They were bought out by another company a couple of years ago, but unlike others, I like to see things through rose-colored glasses around here, and the products still taste good. (Or I’m just an old fuddy-duddy, clinging to any remnants of la vieille France.)
If you’ve never had a petit Suisse, they come in little rolls, usually six to a pack, which get de-banded in a bowl and sprinkled with cassonade sugar or jam, for young folks. And a few older ones. Because they’re so rich, the cylinders are pretty small. Other brands make a 0% version, but in this case, I’m going to be a call my own bluff and stick with the fat-is-flavor camp.
Since then, I found that my nearby Shopi supermarket has Malo products, as well. Which is good news because I’ve decided to stop going to my local Franprix and Monoprix because, well, I wanted to go somewhere where they treated customers like human beings and the people at my local Shopi meet those criterion.
And because I’m a big supporter of customer service, I bought the a largest container of 0% fromage blanc and a few bags of chips on my last visit to make some Lipton Onion Soup Mix Dip (thanks Bill & Elaine!) for a dinner party I was having that night.
For those purists out there, Oui, you can get ruffled chips in France. And because everyone is on le régime, they now even have baked ones. I don’t know about all the ingredients in the soup mix, but at least the potato chips and base for the dip fall into the “healthy” category.
When I mixed up the batch and tasted it, I wasn’t sure if my French guests would like it. Like marshmallow-topped sweet potatoes, See’s Molasses Chips*, and peanut butter (which Romain pointed out once “…tastes like getting sick”—of course, while I was eating some), not everything we Americans enjoy have international appeal.
But lest you think there’s nothing French about this dip, you’re wrong. Everyone loved the dip, but no one but me noticed that the chips I bought had very a distinct shape, which reminded me of something else…something very French…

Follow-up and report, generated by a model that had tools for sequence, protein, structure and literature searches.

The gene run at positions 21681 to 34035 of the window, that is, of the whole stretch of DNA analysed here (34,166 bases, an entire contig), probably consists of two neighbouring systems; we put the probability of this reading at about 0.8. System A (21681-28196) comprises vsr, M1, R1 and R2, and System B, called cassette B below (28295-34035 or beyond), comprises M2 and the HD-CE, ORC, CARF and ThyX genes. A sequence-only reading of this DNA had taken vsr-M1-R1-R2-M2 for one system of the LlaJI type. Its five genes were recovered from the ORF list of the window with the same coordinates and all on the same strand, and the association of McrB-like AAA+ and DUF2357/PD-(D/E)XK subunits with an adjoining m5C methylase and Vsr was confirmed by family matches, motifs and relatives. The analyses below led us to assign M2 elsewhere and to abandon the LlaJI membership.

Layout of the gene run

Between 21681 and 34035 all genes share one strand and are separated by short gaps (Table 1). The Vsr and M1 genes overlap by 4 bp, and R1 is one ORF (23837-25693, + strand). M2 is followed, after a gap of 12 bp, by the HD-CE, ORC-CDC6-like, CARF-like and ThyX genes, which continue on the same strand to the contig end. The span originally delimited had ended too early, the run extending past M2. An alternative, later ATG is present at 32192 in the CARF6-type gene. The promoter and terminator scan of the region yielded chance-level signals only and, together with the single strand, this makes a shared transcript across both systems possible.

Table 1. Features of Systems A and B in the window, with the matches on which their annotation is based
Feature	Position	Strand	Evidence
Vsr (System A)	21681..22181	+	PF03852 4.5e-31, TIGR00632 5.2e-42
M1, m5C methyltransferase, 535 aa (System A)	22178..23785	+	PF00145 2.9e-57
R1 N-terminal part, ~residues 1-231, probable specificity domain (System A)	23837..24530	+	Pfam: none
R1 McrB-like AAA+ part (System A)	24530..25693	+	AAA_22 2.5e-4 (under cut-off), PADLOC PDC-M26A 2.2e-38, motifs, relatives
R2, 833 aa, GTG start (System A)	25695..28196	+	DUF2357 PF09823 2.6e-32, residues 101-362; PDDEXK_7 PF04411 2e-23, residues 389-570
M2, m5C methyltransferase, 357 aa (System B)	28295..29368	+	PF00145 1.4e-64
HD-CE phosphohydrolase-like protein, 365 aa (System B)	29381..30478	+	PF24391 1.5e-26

French Onion Dip
Makes 2 cups (500 g)
- 1 16-ounce (500 g) fromage frais (or sour cream)
- 1 package Lipton Onion Soup Mix
1. Mix the two ingredients well. Let stand for 30 minutes.
Serve with ruffled potato chips, baked or fried, preferably in the shape of the country you’re in.
Related Posts & Recipes
Les Petits Suisses (Chocolate & Zucchini)
Caramelized Onion Dip (101Cookbooks)
French Cheese Posts (Archives)
La Laiterie de Saint Malo (Official Website)
*I was at a Christmas party last month and I went into the kitchen and saw a big stack of boxes of, yes, See’s Candy! I almost flipped out and the hostess told me that a friend sends a gift of them every year. I plucked all the Molasses Chips out of the boxes of assortments, and rifled through the rest of the boxes of chocolates, knowing from considerably experience, what’s in each and every one of those dark-brown bonbons.
There was also a box of peanut brittle, which I enjoyed as well. But I didn’t offer any to Romain.